Hysterectomy has been the definitive treatment of choice for uterine AVMs, especially for women who presented with life threatening vaginal bleeding. However, uterine artery embolization is now an attractive alternative for women desiring future fertility. There is limited information on pregnancy after uterine artery embolization, with concerns regarding abnormal placentation. Therefore, uterine artery embolization should be used cautiously for women who desire fertility [8]. More importantly, a high clinical suspicion must be used to carefully manage women presenting with persistent vaginal bleeding in the setting of a hypervascular mass on sonography after experiencing an early pregnancy loss. The most common cause for these findings is retained products of conception, which can be managed with uterine curettage or operative hysteroscopy to evacuate the uterus. Nevertheless, in the presence of a true uterine AVM, the risk of hemorrhage can lead to significant morbidity and mortality.

Our case illustrates the importance of carefully reviewing a patient's history and radiologic findings prior to offering treatment, which can impact the patient's reproductive future. The patient's history, timing of presentation, and elevated serum quantitative hCG were consistent with the fact that the hypervascular mass, initially seen on sonography, was likely secondary to retained products of conception. However, given the plateau of the serum quantitative hCG and negative urine qualitative testing (suggesting possible heterophilic antibody), angiography was obtained for further clarification. Angiography demonstrated the classic findings of a uterine AVM. In efforts to accurately determine whether the uterine lesion was in fact retained product of conception or an AVM, hysteroscopy was performed to better characterize the uterine lesion. Hysteroscopy demonstrated a large, hypervascular, intracavitary mass, suspicious for retained products of conception. The information provided by visualizing the lesion was paramount to determining that the lesion was retained products of conception and not an AVM making the decision to proceed with resection of the mass via laparotomy. This case suggests that angiography has limitations in its ability to firmly diagnose a uterine AVM since there are many other conditions that are great imitators of classic AVM findings. For patients who present with a hypervascular uterine mass, imaging suspicious for a uterine AVM, and a desire for future fertility, hysteroscopy should be considered as an additional diagnostic modality, and possible treatment option.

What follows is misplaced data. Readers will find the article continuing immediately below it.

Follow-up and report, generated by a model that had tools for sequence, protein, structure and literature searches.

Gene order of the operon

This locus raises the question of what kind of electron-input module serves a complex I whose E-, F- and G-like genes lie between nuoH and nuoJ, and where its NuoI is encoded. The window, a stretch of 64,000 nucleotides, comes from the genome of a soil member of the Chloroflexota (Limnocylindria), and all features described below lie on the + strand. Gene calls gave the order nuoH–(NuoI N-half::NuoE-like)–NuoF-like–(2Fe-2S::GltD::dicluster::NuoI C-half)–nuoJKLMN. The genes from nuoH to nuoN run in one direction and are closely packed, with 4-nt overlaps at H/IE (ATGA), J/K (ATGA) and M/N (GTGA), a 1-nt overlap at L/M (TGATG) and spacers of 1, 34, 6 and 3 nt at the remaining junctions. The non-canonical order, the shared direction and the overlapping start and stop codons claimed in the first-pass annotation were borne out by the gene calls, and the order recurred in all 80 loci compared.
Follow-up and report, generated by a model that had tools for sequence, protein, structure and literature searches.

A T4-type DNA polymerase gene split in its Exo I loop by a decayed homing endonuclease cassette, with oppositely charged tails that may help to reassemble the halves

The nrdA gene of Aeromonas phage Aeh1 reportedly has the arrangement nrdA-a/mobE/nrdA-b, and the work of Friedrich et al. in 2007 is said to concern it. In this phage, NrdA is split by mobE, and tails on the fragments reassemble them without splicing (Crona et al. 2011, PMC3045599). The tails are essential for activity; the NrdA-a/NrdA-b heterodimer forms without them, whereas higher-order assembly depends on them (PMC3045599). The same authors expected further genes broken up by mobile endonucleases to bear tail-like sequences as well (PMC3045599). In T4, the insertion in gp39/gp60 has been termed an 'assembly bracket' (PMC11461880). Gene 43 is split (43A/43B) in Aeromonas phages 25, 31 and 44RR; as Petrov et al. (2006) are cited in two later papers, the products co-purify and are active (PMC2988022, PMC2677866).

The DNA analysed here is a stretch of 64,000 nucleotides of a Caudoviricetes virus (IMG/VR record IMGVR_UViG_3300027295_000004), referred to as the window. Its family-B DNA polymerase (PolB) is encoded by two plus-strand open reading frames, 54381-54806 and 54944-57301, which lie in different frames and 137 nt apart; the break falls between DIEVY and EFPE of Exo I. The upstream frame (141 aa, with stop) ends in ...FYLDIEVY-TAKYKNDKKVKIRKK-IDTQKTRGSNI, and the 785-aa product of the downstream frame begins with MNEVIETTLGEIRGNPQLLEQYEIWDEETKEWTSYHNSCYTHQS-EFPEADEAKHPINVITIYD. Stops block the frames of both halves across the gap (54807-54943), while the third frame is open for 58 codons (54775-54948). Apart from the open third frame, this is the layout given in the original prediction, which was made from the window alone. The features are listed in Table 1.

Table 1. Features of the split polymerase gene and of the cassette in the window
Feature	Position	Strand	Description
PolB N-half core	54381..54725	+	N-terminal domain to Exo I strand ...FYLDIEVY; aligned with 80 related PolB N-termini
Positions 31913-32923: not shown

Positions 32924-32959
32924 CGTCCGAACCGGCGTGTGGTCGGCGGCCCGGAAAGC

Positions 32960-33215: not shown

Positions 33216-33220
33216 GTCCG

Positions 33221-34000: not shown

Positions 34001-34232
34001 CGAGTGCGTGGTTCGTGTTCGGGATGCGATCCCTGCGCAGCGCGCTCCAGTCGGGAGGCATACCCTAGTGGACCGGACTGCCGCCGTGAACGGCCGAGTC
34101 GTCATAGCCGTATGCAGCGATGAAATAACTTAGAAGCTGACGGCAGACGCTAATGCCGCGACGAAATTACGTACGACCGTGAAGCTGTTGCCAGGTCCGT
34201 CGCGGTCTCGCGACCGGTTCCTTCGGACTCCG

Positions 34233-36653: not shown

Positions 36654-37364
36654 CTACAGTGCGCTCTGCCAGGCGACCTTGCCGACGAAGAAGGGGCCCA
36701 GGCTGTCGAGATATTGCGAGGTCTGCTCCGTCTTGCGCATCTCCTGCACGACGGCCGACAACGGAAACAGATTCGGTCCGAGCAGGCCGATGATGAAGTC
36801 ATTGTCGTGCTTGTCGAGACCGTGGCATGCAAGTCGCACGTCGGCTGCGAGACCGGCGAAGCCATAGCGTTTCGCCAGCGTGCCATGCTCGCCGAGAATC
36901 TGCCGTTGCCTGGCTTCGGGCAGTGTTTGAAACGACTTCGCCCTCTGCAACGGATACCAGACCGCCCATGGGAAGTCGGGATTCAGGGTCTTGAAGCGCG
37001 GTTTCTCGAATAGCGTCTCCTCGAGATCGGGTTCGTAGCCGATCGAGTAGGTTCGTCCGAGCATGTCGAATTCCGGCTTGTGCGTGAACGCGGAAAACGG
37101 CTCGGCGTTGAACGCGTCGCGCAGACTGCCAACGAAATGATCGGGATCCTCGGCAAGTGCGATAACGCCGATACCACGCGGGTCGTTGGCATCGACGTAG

Financial Disclosure

No funding or financial support was received for this work.


The opinions or assertions contained herein are the private views of the authors and are not to be construed as the official policy of the Department of the Army, Department of Defense, or the U.S. Government.

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  8. American College of Obstetricians and Gynecologists (2008) ACOG practice bulletin. Alternatives to hysterectomy in the management of leiomyomas. Obstet Gynecol 112: 387-400.